Sunday, March 29, 2020

Loss of Control in Flight: Beechcraft Bonanza A36, N408P; accident occurred December 06, 2019 at Kestrel Airpark (1T7), Spring Branch, Comal County, Texas

Baggage Compartment.

N408P seating arrangement per pilot in command.









The National Transportation Safety Board did not travel to the scene of this accident. 

Additional Participating Entity: 

Federal Aviation Administration / Flight Standards District Office; San Antonio, Texas 

Aviation Accident Factual Report - National Transportation Safety Board: https://app.ntsb.gov/pdf 


Investigation Docket - National Transportation Safety Board: https://dms.ntsb.gov/pubdms 
 
https://registry.faa.gov/N408P



Location: Spring Branch, TX
Accident Number: CEN20TA031
Date & Time: 12/06/2019, 1315 CDT
Registration: N408P
Aircraft: Beech 36
Aircraft Damage: Substantial
Defining Event: Loss of control in flight
Injuries: 5 None
Flight Conducted Under:  Part 91: General Aviation - Personal 

On December 6, 2019, about 1315 central standard time, a Beechcraft A36 airplane, N408P, sustained substantial damage during an impact with terrain following an aborted takeoff at Kestrel Airpark (1T7), Spring Branch, Texas. The airplane was registered to Aviation Professionals LLC and operated by the pilot as a Title 14 Code of Federal Regulations Part 91 flight. The private pilot and four passengers were uninjured. Visual meteorological conditions prevailed and a visual flight rules flight plan had been filed for the accident flight to Ennis, Texas (F41).

On the day of the accident, the pilot had just flew from F41 to 1T7. He stated that prior to departure from F41, he had topped off the fuel tanks, which resulted in 80 gallons of fuel for the 1 hour flight. He estimated the fuel burn to be about 17 gallons. He stated that after landing at 1T7, he loaded the 4 passengers and completed an engine run-up, with no anomalies noted. He did note however, that the weight was "more of a load than last time." He stated that due to the crosswind, he elected to utilize no flaps for the takeoff. At the end of the runway, he held the brakes, applied full power then released the brakes for takeoff. He stated that the engine sounded normal, but the airplane would not generate lift. When the airplane reached a speed of about 80 knots, he tried to rotate, but it would not fly and he felt it "shudder." The pilot said he then reduced the engine power to abort the takeoff and maneuvered the airplane into the grass to slow it down, resulting in substantial damage to both wings. The pilot added that he thought the airplane reached 4 to 6 ft of altitude.

When asked, the pilot stated that he was unaware of the density altitude at the time of departure and also stated that he used 2,100 lbs for the basic empty weight of the airplane and did not think the airplane was close to the maximum gross weight. The airplane owner provided the most recent weight and balance to the National Transportation Safety Board (NTSB) Investigator-In-Charge (IIC).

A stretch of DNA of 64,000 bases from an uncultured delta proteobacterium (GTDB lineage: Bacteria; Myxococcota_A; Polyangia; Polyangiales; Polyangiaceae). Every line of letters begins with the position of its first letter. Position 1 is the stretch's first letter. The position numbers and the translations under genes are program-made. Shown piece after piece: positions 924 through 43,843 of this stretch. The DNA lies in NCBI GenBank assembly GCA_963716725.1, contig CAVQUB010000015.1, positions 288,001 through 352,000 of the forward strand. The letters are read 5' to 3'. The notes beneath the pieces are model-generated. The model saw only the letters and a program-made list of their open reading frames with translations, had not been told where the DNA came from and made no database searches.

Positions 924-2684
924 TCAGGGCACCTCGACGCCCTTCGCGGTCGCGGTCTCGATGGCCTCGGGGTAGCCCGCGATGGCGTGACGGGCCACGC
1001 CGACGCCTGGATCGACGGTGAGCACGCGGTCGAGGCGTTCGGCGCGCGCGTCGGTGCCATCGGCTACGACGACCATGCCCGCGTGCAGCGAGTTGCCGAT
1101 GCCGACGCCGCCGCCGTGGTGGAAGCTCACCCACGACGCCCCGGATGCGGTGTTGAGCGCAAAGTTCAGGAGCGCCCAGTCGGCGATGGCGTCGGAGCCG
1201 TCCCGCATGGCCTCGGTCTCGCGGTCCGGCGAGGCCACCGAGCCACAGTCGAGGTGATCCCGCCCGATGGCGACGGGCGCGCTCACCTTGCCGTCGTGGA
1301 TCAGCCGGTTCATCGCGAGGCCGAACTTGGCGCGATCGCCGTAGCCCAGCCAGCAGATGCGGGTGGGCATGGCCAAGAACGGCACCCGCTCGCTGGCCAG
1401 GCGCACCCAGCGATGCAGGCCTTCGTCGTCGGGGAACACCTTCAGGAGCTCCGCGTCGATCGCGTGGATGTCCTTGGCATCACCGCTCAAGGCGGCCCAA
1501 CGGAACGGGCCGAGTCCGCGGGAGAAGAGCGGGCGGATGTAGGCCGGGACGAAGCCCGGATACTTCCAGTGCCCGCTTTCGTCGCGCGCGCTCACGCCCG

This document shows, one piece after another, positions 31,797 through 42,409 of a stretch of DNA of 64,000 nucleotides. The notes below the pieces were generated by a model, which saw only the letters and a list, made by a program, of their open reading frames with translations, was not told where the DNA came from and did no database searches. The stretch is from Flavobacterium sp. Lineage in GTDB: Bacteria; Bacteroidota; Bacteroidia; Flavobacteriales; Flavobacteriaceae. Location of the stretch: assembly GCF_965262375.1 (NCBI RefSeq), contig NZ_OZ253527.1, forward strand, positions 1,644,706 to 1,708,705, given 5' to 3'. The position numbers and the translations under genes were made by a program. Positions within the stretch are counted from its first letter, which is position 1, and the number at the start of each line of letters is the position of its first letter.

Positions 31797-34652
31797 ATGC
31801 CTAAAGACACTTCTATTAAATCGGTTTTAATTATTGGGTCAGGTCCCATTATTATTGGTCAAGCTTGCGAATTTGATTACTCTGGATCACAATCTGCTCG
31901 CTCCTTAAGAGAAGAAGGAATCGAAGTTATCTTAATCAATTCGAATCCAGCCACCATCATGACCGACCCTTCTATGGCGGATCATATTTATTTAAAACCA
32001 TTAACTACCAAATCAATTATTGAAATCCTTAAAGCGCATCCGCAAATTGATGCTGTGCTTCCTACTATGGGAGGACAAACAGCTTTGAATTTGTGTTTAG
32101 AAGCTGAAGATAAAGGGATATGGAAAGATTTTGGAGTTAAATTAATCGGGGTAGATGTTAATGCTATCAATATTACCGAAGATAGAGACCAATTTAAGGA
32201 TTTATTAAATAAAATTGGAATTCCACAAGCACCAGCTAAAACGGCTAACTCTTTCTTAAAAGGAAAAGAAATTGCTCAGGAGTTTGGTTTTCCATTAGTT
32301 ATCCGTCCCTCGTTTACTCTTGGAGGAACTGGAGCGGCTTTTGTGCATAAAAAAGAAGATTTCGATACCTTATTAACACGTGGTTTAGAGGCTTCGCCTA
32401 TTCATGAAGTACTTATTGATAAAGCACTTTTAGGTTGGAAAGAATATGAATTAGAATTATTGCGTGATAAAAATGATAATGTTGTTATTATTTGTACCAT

According to occupant weights as provided by the Texas Highway Patrol from driver's license information, the total occupant weight was 765 lbs. The pilot stated that he had between 40 and 50 lbs of cargo behind the front seats and 75 lbs in the cargo compartment (aft baggage limit was 70 lbs) in addition to about 63 gallons of fuel, which weighed about 378 lbs. A post-accident weight and balance was conducted by the NTSB IIC using seating and cargo locations provided by the pilot. The takeoff weight of the airplane was about 3,881.34 lbs and the center of gravity was 86.00 inches aft of datum.

The pilot's operating handbook for the accident airplane lists a maximum takeoff weight of 3,650 lbs. At maximum takeoff weight, the aft center of gravity limit is 87.7 inches. The handbook does not provide a method for interpolation of center of gravity limits for weights in excess of the maximum takeoff weight.

According to the Federal Aviation Administration (FAA) Airport Facilities Directory, 1T7 is a public airport with runways 30 and 12. The airplane was attempting a takeoff from runway 30 which is 3,000 ft long and 40 ft wide and sloped 1.4% up. The field elevation is 1,261 ft above mean sea level (MSL) and a note under airport remarks states "Rwy 30 rises rapidly at north end."

The closest official weather reporting station at the San Antonio Airport (SAT), San Antonio, Texas, located about 17 mile south of the accident location, at an elevation of 809 ft, reported a temperature of 24°C and a dewpoint of 6°C. By utilizing the SAT altimeter setting of 30.17 combined with the 1T7 field elevation of 1,261 ft, the density altitude at the time of the accident was about 2,091 ft.

A review of the manufacturer's supplied flaps retracted takeoff distance chart, located in the pilot's operating handbook, revealed that the airplane's weight at the time of the accident exceeded the chart's performance parameters. As a result, takeoff performance calculations could not be determined. The maximum weight for which takeoff data was supplied was 3,650 lbs. Furthermore, the data provided did not include penalties or enhancements for sloped runways.

The FAA publication titled Pilot's Handbook of Aeronautical Knowledge (FAA-H-8083-25B) contains information as it relates to takeoff performance considerations. Regarding takeoff weight, it contains the following information: